Quiz 18 :
Primary Production and Energy Flow
Forests are habitats in which trees are the most dominant form of vegetation. Forest structure refers to the distribution of vegetation both horizontally and vertically across a given area. Forest structure is determined by several physical attributes of forest vegetation. Quantifying forest structure is important to relate forest structure to specific forest functions. Forest processes refer to the various ecological processes including the following: • Movement and persistence of particular species • The susceptibility and prevalence of disturbances such as forest fires, pest outbreaks, • Redistribution of matter and nutrients Ecologists study both structure and processes in different ecosystems. A population refers to a set of individuals that belong to the same species and that live in the same geographical area. Population ecologists are concerned with the study of factors that affect populations and how and why populations change over time. They study forests from the point of view of structure and dynamics of forest populations. Some of the properties of populations studied by population ecologists include population size, population density, patterns of dispersion, population growth, and so on. A community is a large collection of two or more populations of different species living in the same geographical area. Community ecologists study interactions between species in different communities on various spatial and temporal scales. These include abundance of organisms, their distribution, structure of community, and relationships between co-existing populations. The major focus of community ecologists is on the genotypic and phenotypic characteristics of the populations involved in a community. They also study patterns in species richness, productivity, and food web structure. Ecosystem ecologists study the interactions between organisms and their environment in a given ecosystem. The major focus of ecosystem ecologists is on functional processes or ecological mechanisms which help to maintain the structure and function of an ecosystem as a whole. These processes include primary production, decomposition, energy flow, and tropic interactions.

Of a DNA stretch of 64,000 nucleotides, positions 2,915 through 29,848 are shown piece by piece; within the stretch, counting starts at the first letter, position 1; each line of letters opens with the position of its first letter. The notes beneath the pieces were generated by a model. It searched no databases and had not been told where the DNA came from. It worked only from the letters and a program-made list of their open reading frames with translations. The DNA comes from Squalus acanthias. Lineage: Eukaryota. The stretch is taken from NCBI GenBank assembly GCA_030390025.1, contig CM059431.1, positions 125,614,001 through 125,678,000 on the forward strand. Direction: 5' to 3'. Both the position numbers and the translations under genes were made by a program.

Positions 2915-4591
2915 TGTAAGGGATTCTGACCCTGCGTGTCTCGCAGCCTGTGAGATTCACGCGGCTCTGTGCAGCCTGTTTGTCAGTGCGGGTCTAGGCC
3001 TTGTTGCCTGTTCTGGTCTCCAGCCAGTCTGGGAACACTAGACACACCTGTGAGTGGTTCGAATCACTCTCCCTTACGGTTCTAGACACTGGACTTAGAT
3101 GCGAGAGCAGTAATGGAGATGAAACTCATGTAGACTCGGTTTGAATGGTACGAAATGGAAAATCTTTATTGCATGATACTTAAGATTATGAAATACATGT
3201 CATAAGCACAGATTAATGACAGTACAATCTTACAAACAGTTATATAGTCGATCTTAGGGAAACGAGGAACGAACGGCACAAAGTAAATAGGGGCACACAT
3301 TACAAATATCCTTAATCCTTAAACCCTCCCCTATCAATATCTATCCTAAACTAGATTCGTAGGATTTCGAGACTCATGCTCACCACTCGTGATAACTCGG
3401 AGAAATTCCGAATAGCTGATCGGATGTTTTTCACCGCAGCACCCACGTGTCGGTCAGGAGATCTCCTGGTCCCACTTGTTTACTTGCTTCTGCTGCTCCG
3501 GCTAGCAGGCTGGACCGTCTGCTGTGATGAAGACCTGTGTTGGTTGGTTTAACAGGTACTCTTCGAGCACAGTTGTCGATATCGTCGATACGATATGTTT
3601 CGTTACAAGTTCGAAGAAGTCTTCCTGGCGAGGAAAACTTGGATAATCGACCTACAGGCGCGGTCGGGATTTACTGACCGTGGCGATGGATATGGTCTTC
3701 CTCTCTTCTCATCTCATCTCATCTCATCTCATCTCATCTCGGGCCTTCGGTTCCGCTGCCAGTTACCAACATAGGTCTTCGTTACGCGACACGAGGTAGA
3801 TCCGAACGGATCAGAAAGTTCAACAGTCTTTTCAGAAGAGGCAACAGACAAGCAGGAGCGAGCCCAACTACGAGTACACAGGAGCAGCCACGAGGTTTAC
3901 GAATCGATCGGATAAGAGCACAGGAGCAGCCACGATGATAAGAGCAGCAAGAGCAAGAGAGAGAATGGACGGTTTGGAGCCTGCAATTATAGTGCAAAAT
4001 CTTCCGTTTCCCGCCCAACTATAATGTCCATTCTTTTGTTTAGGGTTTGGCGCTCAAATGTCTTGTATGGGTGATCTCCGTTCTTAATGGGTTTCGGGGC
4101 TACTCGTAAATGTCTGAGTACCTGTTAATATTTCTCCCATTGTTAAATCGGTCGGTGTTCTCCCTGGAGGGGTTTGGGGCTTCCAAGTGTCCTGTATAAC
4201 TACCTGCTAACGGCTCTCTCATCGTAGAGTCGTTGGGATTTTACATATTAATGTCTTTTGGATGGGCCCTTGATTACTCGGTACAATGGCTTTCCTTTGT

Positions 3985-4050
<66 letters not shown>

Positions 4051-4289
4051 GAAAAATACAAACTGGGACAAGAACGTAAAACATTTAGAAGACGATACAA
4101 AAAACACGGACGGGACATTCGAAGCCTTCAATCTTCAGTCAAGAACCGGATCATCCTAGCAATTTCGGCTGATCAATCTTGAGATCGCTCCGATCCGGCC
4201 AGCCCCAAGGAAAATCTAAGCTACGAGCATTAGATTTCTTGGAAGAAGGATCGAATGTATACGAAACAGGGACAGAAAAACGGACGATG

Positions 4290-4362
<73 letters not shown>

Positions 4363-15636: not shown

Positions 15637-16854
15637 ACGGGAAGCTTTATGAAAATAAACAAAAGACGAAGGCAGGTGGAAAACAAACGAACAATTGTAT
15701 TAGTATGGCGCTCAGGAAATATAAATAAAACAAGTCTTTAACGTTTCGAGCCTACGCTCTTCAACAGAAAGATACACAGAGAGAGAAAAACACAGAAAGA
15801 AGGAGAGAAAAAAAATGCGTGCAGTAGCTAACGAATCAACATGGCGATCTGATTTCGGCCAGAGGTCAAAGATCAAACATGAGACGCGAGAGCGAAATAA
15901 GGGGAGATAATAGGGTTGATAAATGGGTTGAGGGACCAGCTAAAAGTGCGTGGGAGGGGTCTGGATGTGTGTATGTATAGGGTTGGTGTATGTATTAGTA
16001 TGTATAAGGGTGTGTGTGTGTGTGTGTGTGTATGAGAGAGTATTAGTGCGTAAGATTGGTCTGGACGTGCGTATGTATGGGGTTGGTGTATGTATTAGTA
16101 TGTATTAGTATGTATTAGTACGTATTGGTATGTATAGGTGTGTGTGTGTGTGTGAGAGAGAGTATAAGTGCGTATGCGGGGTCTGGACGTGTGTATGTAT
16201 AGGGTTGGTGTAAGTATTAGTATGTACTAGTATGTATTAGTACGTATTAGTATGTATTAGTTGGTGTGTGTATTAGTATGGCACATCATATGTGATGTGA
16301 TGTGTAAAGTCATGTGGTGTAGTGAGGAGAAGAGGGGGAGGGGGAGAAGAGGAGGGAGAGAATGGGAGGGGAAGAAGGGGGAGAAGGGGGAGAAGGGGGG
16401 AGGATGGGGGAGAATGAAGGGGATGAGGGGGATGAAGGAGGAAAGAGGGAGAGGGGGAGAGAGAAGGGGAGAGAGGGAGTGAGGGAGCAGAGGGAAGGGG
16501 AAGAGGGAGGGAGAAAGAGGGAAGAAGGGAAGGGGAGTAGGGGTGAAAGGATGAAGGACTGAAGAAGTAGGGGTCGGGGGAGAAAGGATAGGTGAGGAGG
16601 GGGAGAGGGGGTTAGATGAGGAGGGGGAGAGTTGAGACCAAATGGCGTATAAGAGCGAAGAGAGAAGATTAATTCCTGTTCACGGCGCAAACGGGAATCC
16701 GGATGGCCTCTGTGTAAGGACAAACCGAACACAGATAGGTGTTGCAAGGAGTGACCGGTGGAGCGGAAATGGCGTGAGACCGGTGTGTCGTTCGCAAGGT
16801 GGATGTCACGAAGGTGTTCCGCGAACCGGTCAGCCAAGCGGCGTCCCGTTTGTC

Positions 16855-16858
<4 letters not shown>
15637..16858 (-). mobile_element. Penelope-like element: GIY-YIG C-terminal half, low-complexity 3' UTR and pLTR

The t -test is a statistical test that assesses; whether, the means of two groups are statistically the same or different from each other. In the given example, two populations of the diatom feeding caddisfly, Neothremma alicia have been compared with respect to the biomass per unit area in flooded and unflooded streams. Consider the hypothesis to be "means of the two populations are the same". Use the t -test to test this hypothesis. If the calculated value of t is less than the critical value of t , accept the hypothesis. If the calculated value is greater than the critical value, reject the hypothesis. While comparing the calculated value of t with the critical value, consider the level of significance, P. In the example, P 0.05 the level of significance, and the calculated value of t (3.480) is greater than the critical value of t (2.12). Hence, reject the hypothesis. The meaning of P 0.05 is that 'the probability of the two means are the same, is less than 0.05'. Consider P 0.01, the critical t value would have changed to 2.92. Thus, for P 0.01, critical value of t is less than calculated value of t. Hence, we would reject the hypothesis. P 0.01 mean that the probability of the two means are same, which is less than 0.01. Thus, this does not change the earlier statistical comparison.
a. The monthly net primary production (NPP) of the given forests is calculated by dividing the annual net primary production value by the length of the growing season. Thus, the missing data in the table can filled as follows: The monthly NPP represented here is the monthly productivity obtained during the growing season of the forest. b. The annual NPP in the high latitude forests corresponding to the boreal forests is the lowest among the forests at the other two latitudes. However, the short-term or the monthly NPP for boreal forests is the highest among the three forests. This is largely because the growing season in these forests lasts for only for a period of 3 months. It is during this period that most of the annual net primary production is achieved. The total annual NPP in the middle latitude forests (temperate forests) is more than that of the boreal forests and less than the tropical forests. However, the monthly NPP in the growing season is greater than that of the tropical forests because the length of growing season in these forests lasts for a period of six months. In case of the tropical forests, the annual NPP is the highest among the three forests, yet the short-term (monthly) NPP is the lowest. This is because, as the growing season in these forests lasts throughout the year, the total productivity is evenly distributed over 12 months. c. Looking at the higher values of short-term productivity of the high and middle latitude forests as compared to the lower values of short term productivity of the tropical forests, one may tend to think that the high latitude forests are more productive. However, this is not true because the short term productivity values have been calculated on the basis of the length of growing season in these forests. Since the tropical forests have the longest growing season, their net annual productivity gets divided by 12 to yield the short term productivity. As a result, it has a lower value. Hence, while comparing productivity of forests, it would be more appropriate to consider the annual NPP values rather than the short-term NPP values.